In this time of tech-induced attention-deficit-disorder, in which distraction is censorship, reading books for pleasure is both a powerful antidote and a tiny commitment to the coming revolution.
 
Maybe I go too far?
 
And yet, a few books over the last few weeks have given me so much…well, if not deep and democratic thoughtfulness, then an opportunity for the kind of far-ranging meditative rumination that makes life meaningful. If you also require an unTwitter, consider taking a tour of the following titles.
 
First, head west to L.A., where IQ (Joe Ide) is set. It’s a detective story featuring the kind of Sherlockian genius who is erratic and cold but also earnest and redeemable. It hits some familiar urban-mystery beats, but its South-Central-L.A. backdrop is so playful and poignant, and the idiosyncratic detective is so over the top and understated, that it exceeds the category.
 
Next up, travel to rainy Dublin, where Conversations with Friends (Sally Rooney) unfurls. It was a critical darling of late 2017, and though I almost hated the emo-reanimating, aggressively first-person narrator, I felt like I got her (which…?). The book’s inability to conceive of a woman in her late-30s as anything but completely irrelevant (sorry, ladies) is (mostly) offset by an interestingly indirect, unresolved depiction of marriage.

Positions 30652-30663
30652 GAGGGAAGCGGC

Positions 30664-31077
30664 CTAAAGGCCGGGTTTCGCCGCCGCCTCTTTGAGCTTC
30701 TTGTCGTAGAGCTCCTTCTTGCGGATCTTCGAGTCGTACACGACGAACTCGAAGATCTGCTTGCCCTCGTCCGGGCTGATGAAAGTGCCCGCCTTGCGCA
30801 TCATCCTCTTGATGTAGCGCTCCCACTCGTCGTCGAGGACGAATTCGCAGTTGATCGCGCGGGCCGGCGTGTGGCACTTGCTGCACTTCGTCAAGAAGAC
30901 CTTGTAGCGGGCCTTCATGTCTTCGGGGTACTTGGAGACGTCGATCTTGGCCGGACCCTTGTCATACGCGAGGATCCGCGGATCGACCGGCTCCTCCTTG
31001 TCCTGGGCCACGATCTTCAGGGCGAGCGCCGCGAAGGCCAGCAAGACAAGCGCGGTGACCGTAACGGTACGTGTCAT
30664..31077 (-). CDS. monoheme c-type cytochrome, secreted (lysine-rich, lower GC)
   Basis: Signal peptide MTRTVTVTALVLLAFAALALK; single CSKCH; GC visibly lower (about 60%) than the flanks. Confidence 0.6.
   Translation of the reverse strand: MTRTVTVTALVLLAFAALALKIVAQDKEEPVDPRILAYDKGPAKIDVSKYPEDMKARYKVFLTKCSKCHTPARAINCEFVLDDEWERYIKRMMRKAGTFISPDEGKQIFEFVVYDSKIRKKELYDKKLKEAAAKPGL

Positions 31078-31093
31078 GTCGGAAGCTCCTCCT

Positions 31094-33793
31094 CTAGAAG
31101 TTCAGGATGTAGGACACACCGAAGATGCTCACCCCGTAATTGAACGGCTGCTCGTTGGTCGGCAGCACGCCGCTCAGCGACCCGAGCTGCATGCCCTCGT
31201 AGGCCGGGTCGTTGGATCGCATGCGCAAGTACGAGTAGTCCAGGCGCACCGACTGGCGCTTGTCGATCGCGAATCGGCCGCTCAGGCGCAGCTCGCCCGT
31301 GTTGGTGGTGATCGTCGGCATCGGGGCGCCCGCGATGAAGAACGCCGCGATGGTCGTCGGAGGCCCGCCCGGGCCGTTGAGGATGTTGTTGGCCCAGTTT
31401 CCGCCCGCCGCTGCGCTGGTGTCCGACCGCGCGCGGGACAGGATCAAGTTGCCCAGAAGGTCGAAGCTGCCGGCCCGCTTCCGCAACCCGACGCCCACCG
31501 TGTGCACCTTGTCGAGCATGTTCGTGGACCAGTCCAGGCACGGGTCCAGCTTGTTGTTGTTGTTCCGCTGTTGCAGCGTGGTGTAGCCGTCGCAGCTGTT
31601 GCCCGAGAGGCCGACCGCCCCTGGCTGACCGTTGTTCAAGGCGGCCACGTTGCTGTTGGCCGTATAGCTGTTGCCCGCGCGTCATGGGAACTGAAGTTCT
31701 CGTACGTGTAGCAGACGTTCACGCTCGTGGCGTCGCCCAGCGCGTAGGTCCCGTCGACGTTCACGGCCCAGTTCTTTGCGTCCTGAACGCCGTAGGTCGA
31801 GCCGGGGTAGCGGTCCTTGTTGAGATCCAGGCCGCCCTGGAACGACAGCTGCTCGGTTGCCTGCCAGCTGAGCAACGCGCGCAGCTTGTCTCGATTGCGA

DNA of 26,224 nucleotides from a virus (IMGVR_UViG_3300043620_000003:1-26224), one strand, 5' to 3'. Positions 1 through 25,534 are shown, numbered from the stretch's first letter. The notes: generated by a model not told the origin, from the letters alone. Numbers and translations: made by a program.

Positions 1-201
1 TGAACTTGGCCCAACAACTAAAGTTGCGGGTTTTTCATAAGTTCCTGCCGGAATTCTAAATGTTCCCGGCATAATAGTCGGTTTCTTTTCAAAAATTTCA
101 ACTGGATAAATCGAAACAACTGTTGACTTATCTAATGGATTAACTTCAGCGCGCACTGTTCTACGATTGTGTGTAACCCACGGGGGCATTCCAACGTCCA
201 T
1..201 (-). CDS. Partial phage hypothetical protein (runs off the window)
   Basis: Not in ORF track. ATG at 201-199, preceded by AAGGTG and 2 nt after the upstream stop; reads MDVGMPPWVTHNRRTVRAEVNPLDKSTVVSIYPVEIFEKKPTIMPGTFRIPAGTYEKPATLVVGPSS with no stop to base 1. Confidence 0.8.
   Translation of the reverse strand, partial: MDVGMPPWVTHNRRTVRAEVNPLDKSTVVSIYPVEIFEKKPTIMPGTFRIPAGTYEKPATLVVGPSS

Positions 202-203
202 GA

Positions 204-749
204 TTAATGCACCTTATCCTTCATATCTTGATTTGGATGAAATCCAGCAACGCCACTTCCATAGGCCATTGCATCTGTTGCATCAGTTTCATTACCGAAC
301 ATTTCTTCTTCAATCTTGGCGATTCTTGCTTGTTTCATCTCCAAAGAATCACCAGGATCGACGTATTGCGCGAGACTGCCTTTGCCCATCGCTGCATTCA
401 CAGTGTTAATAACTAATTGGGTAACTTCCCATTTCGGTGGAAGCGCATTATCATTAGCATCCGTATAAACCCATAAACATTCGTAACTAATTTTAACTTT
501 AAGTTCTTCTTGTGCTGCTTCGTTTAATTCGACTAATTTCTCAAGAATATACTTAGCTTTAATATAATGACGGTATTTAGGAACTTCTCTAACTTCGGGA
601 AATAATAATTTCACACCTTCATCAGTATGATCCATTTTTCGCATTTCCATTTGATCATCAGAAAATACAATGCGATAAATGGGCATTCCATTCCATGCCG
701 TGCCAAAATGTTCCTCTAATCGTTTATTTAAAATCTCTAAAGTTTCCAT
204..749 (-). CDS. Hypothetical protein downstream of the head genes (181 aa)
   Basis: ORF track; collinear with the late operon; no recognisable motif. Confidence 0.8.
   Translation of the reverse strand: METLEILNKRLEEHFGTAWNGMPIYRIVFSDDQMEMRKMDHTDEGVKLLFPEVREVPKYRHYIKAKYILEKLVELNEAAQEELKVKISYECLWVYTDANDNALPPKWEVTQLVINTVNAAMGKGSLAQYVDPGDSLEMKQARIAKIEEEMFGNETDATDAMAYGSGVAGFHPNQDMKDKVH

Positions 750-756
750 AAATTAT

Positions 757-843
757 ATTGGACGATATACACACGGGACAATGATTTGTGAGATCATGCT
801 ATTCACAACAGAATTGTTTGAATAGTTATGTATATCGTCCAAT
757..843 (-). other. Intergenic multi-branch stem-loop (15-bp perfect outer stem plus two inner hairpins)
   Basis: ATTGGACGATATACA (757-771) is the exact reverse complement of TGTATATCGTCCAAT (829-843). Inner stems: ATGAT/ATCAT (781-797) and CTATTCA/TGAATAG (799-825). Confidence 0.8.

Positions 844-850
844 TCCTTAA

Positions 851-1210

Now go back (way back) to the 1970s Midwest of Everything I Never Told You (Celeste Ng). Everyone loves Little Fires Everywhere, but Ng’s first book about a disconnected interracial family is affecting. I spent the first half arching my brows at the pat characters and adherence to the plot’s pattern. I spent the last half crying my eyes out. And it wasn’t just because I was sad. It was because—what’s the cliché?—the world is so beautiful and life is so short.
 
End your tour in France with How to Behave in a Crowd (Camille Bordas). Isadore, the protagonist-narrator, is an empathetic 11-year-old kid brother of five genius older siblings. His anthropological view of his family, and his tendency to engage rather than alienate make him a delightful narrative companion. Also delightful: This is Bordas’s first book in English, and the slight disruption in the English-language rendering of the French family is very charming.
 
These books took me places, but mostly by offering a respite from the hot takes and Twitter feed that regularly ignite the flames on the side of my face. I wouldn’t call them escapist, though—or I would, but what they allowed me to escape was my own tiny sphere of tech-abetted interiority. My new problem is that the only book left on my bedside table is Behave. Help! Which books have helped you log off, mute all, and carry on?